Rural Ambulance System in Crisis

Rural Ambulance System In Crisis

It’s been nearly five years since the PC government began centralizing ambulance services away from municipalities and the front lines and it has been a disaster in rural communities ever since. Patients in communities across Alberta are certainly feeling the impact, where local ambulances are called out of the region, leaving entire communities underserved and vulnerable to risk. In Pincher Creek, response times for patients in need of urgent care spiked to almost 30 minutes at the end of 2012. In Airdrie, response times dived 33 per cent after the city’s integrated service was dissolved in 2010.

In the spring, the Health Quality Council of Alberta released a report saying that changes in EMS services resulted in a loss of local community knowledge, a culture of mistrust and a perceived lack of resources to meet the needs of Albertans. Further, the Association of Municipal Districts and Counties (AAMD&C) in a report to members in March 2013, cited several areas of concern that remained to be addressed by AHS as listed by the Health Quality Council.

So far, the Health Minister’s only solution to this ongoing crisis is to continue consolidation of dispatch services across the province.

Many municipalities disagree; - Desperately seeking a solution, several municipalities have banded together and have formed a Partnership for Rural Emergency Direction and have produced a report – “Red doc4”, February 2013. ( That document provides a very thorough review of the current situation now provided by AHS (Alberta Health Service) and strongly advocates for changes in the current system, particularly in the “Centralized Dispatch” and “Inter Facility Transfer” subject areas.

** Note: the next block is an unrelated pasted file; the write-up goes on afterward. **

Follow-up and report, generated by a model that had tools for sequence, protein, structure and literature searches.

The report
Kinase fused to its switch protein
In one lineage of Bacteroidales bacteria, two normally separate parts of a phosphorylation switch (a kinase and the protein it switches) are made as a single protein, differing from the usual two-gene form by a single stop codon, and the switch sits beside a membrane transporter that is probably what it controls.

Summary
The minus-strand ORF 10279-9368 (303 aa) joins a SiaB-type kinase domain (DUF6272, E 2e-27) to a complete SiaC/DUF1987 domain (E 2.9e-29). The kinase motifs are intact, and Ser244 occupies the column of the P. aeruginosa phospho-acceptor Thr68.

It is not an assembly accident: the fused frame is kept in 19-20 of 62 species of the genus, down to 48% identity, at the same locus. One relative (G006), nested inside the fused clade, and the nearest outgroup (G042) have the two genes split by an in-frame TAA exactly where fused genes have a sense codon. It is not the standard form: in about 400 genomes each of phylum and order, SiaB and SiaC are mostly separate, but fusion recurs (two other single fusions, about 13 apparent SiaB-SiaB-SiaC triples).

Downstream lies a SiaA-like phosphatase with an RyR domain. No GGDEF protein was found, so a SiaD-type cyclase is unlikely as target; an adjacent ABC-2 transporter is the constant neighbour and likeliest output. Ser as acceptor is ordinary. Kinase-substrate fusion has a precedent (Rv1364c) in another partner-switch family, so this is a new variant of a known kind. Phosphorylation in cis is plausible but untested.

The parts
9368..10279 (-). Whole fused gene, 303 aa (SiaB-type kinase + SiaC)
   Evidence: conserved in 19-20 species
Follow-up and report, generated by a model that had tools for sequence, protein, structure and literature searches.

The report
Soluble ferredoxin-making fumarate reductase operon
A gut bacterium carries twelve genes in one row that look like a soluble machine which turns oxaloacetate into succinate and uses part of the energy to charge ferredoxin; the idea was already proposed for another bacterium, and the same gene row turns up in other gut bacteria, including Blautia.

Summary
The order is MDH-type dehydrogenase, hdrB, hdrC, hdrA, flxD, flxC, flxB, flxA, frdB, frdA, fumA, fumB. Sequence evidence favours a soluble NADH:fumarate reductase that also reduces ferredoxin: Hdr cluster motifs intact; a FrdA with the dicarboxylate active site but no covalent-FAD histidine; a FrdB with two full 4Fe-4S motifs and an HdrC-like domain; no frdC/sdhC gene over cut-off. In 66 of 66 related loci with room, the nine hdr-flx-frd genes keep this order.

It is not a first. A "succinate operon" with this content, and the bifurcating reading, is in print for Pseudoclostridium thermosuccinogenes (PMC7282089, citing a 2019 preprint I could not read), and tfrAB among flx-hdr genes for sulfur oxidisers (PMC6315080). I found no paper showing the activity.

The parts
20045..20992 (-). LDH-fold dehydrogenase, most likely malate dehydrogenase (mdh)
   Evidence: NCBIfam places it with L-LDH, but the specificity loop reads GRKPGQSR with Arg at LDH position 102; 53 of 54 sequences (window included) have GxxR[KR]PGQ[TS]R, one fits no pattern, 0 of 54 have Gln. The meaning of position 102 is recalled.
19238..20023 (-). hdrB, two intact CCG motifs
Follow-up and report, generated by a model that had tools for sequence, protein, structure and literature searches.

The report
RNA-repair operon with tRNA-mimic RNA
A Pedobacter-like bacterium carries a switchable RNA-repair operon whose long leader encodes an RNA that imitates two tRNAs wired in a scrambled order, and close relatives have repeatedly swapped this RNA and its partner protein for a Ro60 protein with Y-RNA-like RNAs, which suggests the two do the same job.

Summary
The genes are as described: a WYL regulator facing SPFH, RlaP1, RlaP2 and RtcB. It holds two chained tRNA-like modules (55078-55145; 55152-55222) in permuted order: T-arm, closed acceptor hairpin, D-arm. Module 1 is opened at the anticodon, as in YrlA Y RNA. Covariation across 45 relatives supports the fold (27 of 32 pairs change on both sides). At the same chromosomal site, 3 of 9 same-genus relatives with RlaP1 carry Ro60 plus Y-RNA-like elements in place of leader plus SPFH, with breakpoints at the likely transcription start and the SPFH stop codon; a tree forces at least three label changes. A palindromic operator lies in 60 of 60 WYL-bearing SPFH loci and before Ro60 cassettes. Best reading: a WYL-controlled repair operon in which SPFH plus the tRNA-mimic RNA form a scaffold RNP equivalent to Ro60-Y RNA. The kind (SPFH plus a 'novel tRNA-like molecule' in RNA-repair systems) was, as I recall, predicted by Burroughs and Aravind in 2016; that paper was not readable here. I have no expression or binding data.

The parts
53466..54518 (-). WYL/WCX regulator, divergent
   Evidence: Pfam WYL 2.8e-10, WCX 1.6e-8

Locally in another report (Suburban Rural EMS Deployment Review) by front line EMS Southern Alberta member George Porter, 14 issues of concern were noted with the current system. This report clearly points out that under the new rules it is not unusual for a patient in an emergency situation to be waiting for an ambulance that is tied up as a taxi for someone in another community for less than urgent reasons. It is clear that emergency rooms in our province are often clogged; – barely half of patients will be admitted into the ER within the province’s own eight-hour benchmark, plus our EMS workers are left totally frustrated and immobile as they wait for patients to be admitted. The report also includes 21 clear recommendations for improvement..

With these critical services at risk in communities across the province, it’s time to act!

It’s time to give our front line workers the resources they need to crack down on wait times in our ERs. It’s time to ensure we stop the practice, where possible, of using ambulances as taxis. And it’s time to give municipalities the freedom to contract and choose the best ambulance service for their local needs, instead of being dictated to from the Province.

As an MLA in Southern Alberta, these are the ideas that I will continue to bring to the government, and I can assure you, we will fight tirelessly to put Albertans first and fix these critical services we all rely on.

Pat Stier MLA Livingstone Macleod